Saturday, 17 November 2018

Aga Szydlik | Singapore's Street Opera

Photo © Aga Szydlik | All Rights Reserved
Readers of The Travel Photographer blog know of my current long term involvement in documenting Chinese Opera of the diaspora; an involvement that will culminate into the production of a coffee-table book bearing the same title. It is for this reason that the blog has been recently populated with posts with excellent work of Chinese opera by travel and documentary photographers.

Aga Szydlik's Wyang: Singapore's Street Opera work is one of those. Her close-up portraits of the opera actors are striking by their unvarnished look.

The earliest description of wayang in Singapore dates all the way back to the mid-1800s. For more than a century, jiexi (street opera in Mandarin) enthralled more audience than any other form of live entertainment.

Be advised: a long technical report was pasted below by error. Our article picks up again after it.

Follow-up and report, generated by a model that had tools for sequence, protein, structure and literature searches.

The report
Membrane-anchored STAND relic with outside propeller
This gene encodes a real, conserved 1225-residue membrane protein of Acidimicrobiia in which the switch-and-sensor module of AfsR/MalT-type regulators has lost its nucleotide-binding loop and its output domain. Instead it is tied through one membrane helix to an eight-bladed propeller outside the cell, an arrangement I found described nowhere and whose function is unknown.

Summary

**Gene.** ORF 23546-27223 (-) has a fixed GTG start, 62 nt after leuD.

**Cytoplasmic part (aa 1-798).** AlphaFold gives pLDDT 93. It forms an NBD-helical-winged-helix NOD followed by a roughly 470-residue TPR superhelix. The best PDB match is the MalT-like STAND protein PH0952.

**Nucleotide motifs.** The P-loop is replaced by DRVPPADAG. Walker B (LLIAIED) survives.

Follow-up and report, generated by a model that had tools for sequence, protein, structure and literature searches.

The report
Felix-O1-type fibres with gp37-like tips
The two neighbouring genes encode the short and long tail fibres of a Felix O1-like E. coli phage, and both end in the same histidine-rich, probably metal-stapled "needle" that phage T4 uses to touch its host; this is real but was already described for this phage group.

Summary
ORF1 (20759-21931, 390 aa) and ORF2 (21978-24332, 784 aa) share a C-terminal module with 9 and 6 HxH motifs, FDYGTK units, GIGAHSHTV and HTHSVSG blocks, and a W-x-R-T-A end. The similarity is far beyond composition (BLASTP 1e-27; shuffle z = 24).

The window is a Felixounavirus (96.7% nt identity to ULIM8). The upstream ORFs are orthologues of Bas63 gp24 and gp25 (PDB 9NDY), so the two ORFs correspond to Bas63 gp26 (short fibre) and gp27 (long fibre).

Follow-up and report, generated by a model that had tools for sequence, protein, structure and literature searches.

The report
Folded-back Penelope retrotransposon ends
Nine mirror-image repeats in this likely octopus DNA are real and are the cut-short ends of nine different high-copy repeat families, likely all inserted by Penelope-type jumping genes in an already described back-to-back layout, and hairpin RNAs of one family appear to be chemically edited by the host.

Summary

At one point, the flourishing scene supported over a hundred professional troupes that staged thousands of shows each year. Some of them even had their own dedicated venues in the city state's Chinatown.

However, now only about 10 professional street opera troupes are left in Singapore, drawing an ever-smaller audience of elderly people. The decline of street opera in Singapore was caused by its government's policy to replace dialects (such as Hakka, Hokkien et al) with Mandarin, and the slow erosion of its audience. The spread of television, movies and social media platforms exacerbated the disinterest of the younger generation in this ancient art form.

Aga Szydlik is a professional culture photographer and a doctoral candidate based in South Africa. She tells us that her journey with photography started with Muay Thai (the famous Thai fight style) which she documented extensively. Based in Thailand, she able to explore South East Asia, onwards to Indonesia and South Africa. She is enthusiastic about alternative processes, analogue photography, Lomography and salt/albumin prints as well as mixed media.